Main Street legal fight worrying downtown merchants


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ST. THOMAS - The legal battle going on in the territory's high court may delay a federally funded project to rehabilitate Main Street in downtown Charlotte Amalie.

The Main Street Enhancement Project is managed by the Public Works Department, which, in conjunction with the V.I. Water and Power Authority's downtown Hazard Mitigation Project, will widen and beautify Main Street from Post Office Square to the Enid Baa Library by placing above-ground power lines underground.

The project will place palm trees in groups of four along the street, with areas for seating and attractive light fixtures. Blue biche sidewalks will replace the concrete, and bollards will separate vehicular traffic from foot traffic.

The project's timeline was to run from May to November of this year.

While Public Works Commissioner Darryl Smalls is hopeful the project can stay on track, work cannot commence until a legal dispute between a contractor and the government is resolved.

When the project was put out to bid last fall, two bidders responded. Island Roads bid $10.4 million and Tip Top Construction bid $8.6 million.

In November, the project was awarded to the higher bidder, Island Roads, and Tip Top filed a lawsuit in V.I. Superior Court.

The project is funded by the Federal Highway Administration.

Tip Top Construction President Joe Hollins said the V.I. government is misinterpreting federal procurement guidelines.

Hollins said because the project is already designed, and the contract is solely for the purpose of construction, the only thing that can be taken into account in selecting a bid is the dollar figure.

In December, the V.I. Superior Court ruled in favor of the government, and Hollins appealed to the V.I. Supreme Court.

The appellate court ruled last month that it would expedite the process, but that it would fully adjudicate the appeal. In the meantime, a restraining order is in place, preventing the government from breaking ground on the project.

Tip Top filed a brief in Supreme Court last week, and the government has two weeks to file a brief in response. A hearing will likely be scheduled for early April.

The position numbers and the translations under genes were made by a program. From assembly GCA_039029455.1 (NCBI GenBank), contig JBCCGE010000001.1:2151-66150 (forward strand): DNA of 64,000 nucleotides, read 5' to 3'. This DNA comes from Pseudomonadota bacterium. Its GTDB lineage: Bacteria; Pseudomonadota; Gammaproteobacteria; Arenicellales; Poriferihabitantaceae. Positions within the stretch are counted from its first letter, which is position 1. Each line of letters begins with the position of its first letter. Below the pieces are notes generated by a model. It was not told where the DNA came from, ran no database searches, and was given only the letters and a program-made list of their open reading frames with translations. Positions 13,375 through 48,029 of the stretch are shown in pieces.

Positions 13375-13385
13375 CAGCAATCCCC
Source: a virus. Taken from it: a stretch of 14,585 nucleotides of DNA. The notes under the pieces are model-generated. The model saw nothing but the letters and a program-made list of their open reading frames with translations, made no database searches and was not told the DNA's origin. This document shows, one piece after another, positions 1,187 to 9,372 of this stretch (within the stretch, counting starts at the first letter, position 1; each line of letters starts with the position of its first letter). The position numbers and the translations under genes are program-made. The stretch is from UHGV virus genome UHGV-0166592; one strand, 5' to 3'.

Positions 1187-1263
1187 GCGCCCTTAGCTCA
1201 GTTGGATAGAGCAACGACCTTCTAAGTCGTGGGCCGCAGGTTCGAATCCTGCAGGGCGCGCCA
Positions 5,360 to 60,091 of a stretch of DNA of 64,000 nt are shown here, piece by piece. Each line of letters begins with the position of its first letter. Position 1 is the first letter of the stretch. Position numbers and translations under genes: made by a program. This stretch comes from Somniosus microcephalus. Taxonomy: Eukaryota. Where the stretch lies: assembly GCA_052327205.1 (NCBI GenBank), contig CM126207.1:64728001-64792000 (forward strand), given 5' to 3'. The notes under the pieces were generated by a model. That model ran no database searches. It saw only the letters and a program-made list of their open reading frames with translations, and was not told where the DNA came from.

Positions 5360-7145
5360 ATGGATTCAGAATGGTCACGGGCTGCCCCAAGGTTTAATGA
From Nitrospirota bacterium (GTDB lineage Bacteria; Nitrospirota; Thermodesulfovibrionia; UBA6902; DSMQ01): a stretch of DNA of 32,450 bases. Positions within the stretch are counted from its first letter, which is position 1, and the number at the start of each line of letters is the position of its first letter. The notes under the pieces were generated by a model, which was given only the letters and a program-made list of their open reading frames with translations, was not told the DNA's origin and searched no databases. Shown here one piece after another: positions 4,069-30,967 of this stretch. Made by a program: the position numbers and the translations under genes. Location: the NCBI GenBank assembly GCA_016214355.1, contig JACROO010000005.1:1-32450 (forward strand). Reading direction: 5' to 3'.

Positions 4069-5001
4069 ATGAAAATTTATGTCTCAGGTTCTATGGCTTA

The St. Thomas-St. John Chamber of Commerce and Downtown Revitalization Inc. issued a statement last week expressing concern about the lawsuit and the potential project delays.

"While it is understood that the bidding process must be in accordance with law, it is deeply troubling and frustrating that the commencement of this much needed project may be delayed. Any delays will not only cripple our vitally important tourist economy, but it also sends a confusing signal to our residents, property owners, and tourism partners who are expecting our community to invest in revitalization of our downtown area," Downtown Revitalization Inc. President David Bornn wrote.

Smalls said he understands the economic benefit the project will bring to the Main Street merchants and the territory as a whole.

"And we hope to have the matter resolved before the anticipated start date in May," he said.

The funding for the project is in place, comprising a combination of federal and local funds, according to Smalls.

The Environmental Protection Agency has also awarded a grant to replace sewer lines in the area while the road is under construction.

Smalls said the work will all be done at night, and should not impact daytime commerce on Main Street.

Each night the work site will be cleaned up and metal plates will cover any gaps in the road, Smalls said. Main Street will not be blocked off to traffic or shoppers at any point during the one-year project, he said.

Hollins said he also understands the impact the project will have on the territory, but he believes that clarifying the procurement guidelines for the territory's capital projects will help everyone in the long run.

"We're not attacking the government, we're trying to better the system for all Virgin Islanders so that everybody has the same and equal representation and opportunity," Hollins said.

- Contact reporter Aldeth Lewin at 714-9111 or email alewin@dailynews.vi.

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